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STILL ALIVE!

In the early 1900s, business was booming, and land values in Highlands had more than doubled over a few years. The Red Bank Register of July 7, 1909, had a story describing the crowds at Highlands and Highland Beach.


These crowds were greater than ever seen before when 15,000 people were at the Highlands and 10,000 at Highland Beach on Saturday and more on Sunday during the holiday weekend. Many people had to go back because they were unable to find accommodations. Ten thousand people were cared for by Sandlass over the weekend. Throngs of people arrived, all were served at the restaurant and those requesting bathing suits. No one was turned away. All venues were jammed constantly with people requesting pictures in the gallery or enjoying the bowling lanes. An enormous amount of soda was consumed at the counters and in the crowded fountain booths. Out on the river, 300-400 boats filled the river on Sunday to Monday.


Highland Beach Resort, c. 1900


The resort growth was building to a crescendo. Growth of shore communities was at its zenith and increasing. In 1910, the summer visitors increased again when more than twenty thousand tourists filled all livable space on both land and sea in the town of Highlands over the Fourth of July according to weekend reports. On Sunday alone, the record-breaking crowd applied for 3,000 bathing suits and the same on Monday at Highland Beach. The rented suits were washed in carbolic soap and hung to dry on racks above the Bathing Pavilion, ready for another user. Occasionally, suits were thrown over the bathhouse lockers to an awaiting friend, saving the rental fee.


Highland Beach Resort, c. 1900


Ropes were attached to poles in the ocean to provide more safety for bathers. Non-swimmers could catch onto the rope if lucky enough to hang on during a rogue wave trying to snatch them away.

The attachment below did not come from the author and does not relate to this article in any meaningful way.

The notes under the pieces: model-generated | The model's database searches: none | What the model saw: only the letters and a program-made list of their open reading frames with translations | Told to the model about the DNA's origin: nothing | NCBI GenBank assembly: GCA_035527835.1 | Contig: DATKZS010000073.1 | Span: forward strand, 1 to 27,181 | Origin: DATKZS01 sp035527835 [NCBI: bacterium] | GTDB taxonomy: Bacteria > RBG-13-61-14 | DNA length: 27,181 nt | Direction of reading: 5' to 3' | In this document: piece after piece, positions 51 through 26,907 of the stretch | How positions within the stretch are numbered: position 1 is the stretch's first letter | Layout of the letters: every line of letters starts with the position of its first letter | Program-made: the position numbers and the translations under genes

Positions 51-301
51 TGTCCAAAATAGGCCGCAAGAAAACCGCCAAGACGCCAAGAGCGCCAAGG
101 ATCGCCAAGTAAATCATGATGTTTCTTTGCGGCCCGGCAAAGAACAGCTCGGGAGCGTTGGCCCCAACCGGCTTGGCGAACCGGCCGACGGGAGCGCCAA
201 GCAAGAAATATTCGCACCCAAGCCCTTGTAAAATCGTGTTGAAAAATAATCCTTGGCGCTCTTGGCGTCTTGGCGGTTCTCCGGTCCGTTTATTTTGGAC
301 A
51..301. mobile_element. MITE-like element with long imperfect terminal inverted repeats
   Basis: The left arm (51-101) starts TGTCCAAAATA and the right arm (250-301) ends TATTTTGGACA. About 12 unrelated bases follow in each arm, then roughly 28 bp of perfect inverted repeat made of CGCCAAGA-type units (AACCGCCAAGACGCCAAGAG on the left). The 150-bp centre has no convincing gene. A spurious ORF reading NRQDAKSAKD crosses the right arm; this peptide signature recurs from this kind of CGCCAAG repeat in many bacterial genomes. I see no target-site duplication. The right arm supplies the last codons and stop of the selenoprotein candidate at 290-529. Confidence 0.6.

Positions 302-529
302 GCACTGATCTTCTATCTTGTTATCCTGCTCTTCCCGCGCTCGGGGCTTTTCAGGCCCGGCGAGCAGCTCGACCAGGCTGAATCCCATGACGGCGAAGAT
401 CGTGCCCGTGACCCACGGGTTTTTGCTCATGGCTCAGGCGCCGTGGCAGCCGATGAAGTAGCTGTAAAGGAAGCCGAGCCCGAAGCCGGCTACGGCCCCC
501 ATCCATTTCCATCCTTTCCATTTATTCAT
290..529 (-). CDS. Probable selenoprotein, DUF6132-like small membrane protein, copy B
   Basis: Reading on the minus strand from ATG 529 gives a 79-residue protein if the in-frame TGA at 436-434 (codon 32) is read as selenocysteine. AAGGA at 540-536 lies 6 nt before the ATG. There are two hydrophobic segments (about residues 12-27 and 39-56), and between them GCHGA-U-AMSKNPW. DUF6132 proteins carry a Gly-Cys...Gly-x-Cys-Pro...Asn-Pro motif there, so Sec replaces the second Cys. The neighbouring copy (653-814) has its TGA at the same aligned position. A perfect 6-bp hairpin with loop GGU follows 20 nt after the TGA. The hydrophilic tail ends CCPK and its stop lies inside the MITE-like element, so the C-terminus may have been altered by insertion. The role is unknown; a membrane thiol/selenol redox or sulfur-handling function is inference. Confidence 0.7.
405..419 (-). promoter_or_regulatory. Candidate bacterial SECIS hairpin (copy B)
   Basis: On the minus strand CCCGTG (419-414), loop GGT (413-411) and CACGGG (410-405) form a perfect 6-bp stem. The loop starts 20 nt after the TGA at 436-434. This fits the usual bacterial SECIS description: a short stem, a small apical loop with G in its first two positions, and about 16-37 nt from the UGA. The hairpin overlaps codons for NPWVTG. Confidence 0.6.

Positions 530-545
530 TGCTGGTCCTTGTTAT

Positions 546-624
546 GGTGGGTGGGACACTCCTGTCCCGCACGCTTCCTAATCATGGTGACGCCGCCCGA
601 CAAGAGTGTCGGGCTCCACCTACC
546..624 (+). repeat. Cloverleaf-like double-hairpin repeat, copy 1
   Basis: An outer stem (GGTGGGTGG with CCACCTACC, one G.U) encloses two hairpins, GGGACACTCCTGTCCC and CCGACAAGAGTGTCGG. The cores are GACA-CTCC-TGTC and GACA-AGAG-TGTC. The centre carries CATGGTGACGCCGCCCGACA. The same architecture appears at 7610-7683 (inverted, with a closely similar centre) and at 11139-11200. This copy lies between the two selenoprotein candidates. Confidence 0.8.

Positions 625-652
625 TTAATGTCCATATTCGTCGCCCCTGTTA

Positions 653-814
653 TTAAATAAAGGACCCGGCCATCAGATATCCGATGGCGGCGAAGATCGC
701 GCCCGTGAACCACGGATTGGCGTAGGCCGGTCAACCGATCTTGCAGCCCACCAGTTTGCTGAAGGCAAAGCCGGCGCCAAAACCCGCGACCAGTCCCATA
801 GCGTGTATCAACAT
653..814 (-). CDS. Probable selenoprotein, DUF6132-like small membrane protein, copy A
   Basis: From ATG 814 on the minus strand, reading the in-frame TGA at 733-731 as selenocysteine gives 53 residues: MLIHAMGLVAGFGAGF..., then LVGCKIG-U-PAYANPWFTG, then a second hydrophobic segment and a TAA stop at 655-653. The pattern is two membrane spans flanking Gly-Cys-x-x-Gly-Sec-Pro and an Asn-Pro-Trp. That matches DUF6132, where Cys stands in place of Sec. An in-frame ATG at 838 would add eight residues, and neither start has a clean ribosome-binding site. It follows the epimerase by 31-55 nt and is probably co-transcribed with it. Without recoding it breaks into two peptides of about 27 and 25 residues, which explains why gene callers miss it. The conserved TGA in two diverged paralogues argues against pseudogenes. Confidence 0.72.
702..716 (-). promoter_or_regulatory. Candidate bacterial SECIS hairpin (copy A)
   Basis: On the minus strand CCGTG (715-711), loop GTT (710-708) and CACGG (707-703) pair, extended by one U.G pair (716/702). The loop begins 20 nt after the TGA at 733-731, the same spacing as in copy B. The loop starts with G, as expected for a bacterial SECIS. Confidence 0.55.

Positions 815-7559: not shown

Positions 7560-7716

STILL ALIVE!

1907

Lifeguards played an important role in safety at the seashore resorts. Many bathers were unable to swim in the early years. Eventually, rescues by friends and local swimmers transformed into a summer job for on-duty lifeguards at the local beaches. Romance blossomed every summer when the young bathers gathered around the life-guard stands as part of a rite of passage. Eventually, the local social news picked up snippets to share about the latest and most interesting heartthrobs at the northernmost part of the Jersey Shore. One of these lifeguards went on to national fame, Vince Lombardi, head coach of the Green Bay Packers Super Bowl Champions.


Learn more about Highlands and Highland Beach. Stories and artifacts of a bygone era await you in Gallery 1 at the Twin Lights Museum. Read the recent book, Sandy Hook’s LOST Highland Beach Resort, found in the museum store recounting a fanciful era in a town glittering with stars from Broadway and the early years of silent film.


SANDY HOOK’S LOST HIGHLAND BEACH RESORT


THE PERFECT GIFT FOR THE HISTORY HOUND ON YOUR LIST!

TLM Museum Store Online, Order Here! https://www.twinlightslighthouse.org/product-page/sandy-hook-s-lost-highland-beach-resort


ARCADIA PUBLISHING & THE HISTORY PRESS